When I was growing up, we hatched some eggs in a homemade incubator as part of a school science project and the next thing you know, we had chickens in our backyard along with fresh eggs too!

When you’re a kid, there’s something really magical about having chickens in your backyard and ours were named Inky and Binky.  Inky was a jet black hen and her name described her inky black coloring and Binky was a white Rooster and well….I have absolutely no idea how we arrived at his name, but maybe it had something to do with the whole rhyming thing that kids often love?

What I do know, is that we quickly learned that having a Rooster in your backyard in a residential area is not really all that awesome and your neighbors will probably agree with this opinion. Roosters are only necessary if you want to fertilize eggs to hatch them into baby chicks, so if it’s just fresh eggs that you’re after and you live in a residential area, scrap any plans to add a Rooster to your coop!

Although it’s true that Rooster’s will provide some protection for your flock, because they’ll sound a loud alert if there’s any danger near, you can opt instead to take some extra safety precautions with which coop you choose and where you place it in your yard in order to help keep your flock safe, without needing to endure the annoying crow of a Rooster at 4 am.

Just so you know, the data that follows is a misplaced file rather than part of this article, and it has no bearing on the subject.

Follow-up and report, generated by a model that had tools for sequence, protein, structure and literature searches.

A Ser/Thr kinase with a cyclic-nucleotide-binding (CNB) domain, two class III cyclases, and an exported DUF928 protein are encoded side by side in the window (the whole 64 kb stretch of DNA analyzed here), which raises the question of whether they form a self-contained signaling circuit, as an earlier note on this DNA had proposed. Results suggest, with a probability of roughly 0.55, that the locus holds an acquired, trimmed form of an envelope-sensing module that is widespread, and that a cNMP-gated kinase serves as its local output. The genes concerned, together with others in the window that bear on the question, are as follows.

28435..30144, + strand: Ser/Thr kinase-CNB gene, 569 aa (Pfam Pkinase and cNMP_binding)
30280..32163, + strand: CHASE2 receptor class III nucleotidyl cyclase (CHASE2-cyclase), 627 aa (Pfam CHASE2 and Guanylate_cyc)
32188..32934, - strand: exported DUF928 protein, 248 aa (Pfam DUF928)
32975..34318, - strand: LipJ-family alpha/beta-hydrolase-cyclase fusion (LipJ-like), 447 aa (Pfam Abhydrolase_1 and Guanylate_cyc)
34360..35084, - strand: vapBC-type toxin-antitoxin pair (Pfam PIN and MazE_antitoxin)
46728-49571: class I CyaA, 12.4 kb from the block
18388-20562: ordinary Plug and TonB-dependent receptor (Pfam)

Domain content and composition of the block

So if you decide to forge ahead with the idea of having a chicken coop in your backyard, your whole family is in for a really fun experience. And to add to the experience, you’re going to also love having super fresh eggs for your family to enjoy too. The benefits of super fresh organically grown eggs, versus 3 week old eggs that you might buy in the grocery store, are already pretty well known.

So if you want to learn more about chicken coops, check out Reinventing the Chicken Coop as a great place to get some ideas for building your own DIY chicken coop. There are many different designs offered in this book, so the hardest part will be deciding which model to choose.

But if you don’t have the time to build your own DIY chicken coop, you’re in luck, because there are also several models of ready made chicken coops available for purchase too.


altThis “A” frame Chicken Coop is strong, but relatively lightweight, so you can move it easily if you need to. It’s approximately 7 feet long, and features handmade wood latches, 3 doors and a large side door for super easy clean up.




altThis Briar Chicken Coop House is hand built from solid pine and certified sustainable and free from harmful glues or chemicals. It’s large cleanout door simplifies maintenance of it’s easy care linoleum floor and it’s designed with plenty of ventilation for lots of fresh air for your flock.




altOr you might like the look and smart design of this Craftsman Coop that houses 12-15 chickens and features 6 nest boxes for ample egg laying space.  The entire coop floor on this model is made of “glasboard” which is a fiberglass-reinforced plastic that’s super easy to clean and won’t mold, mildew or rot.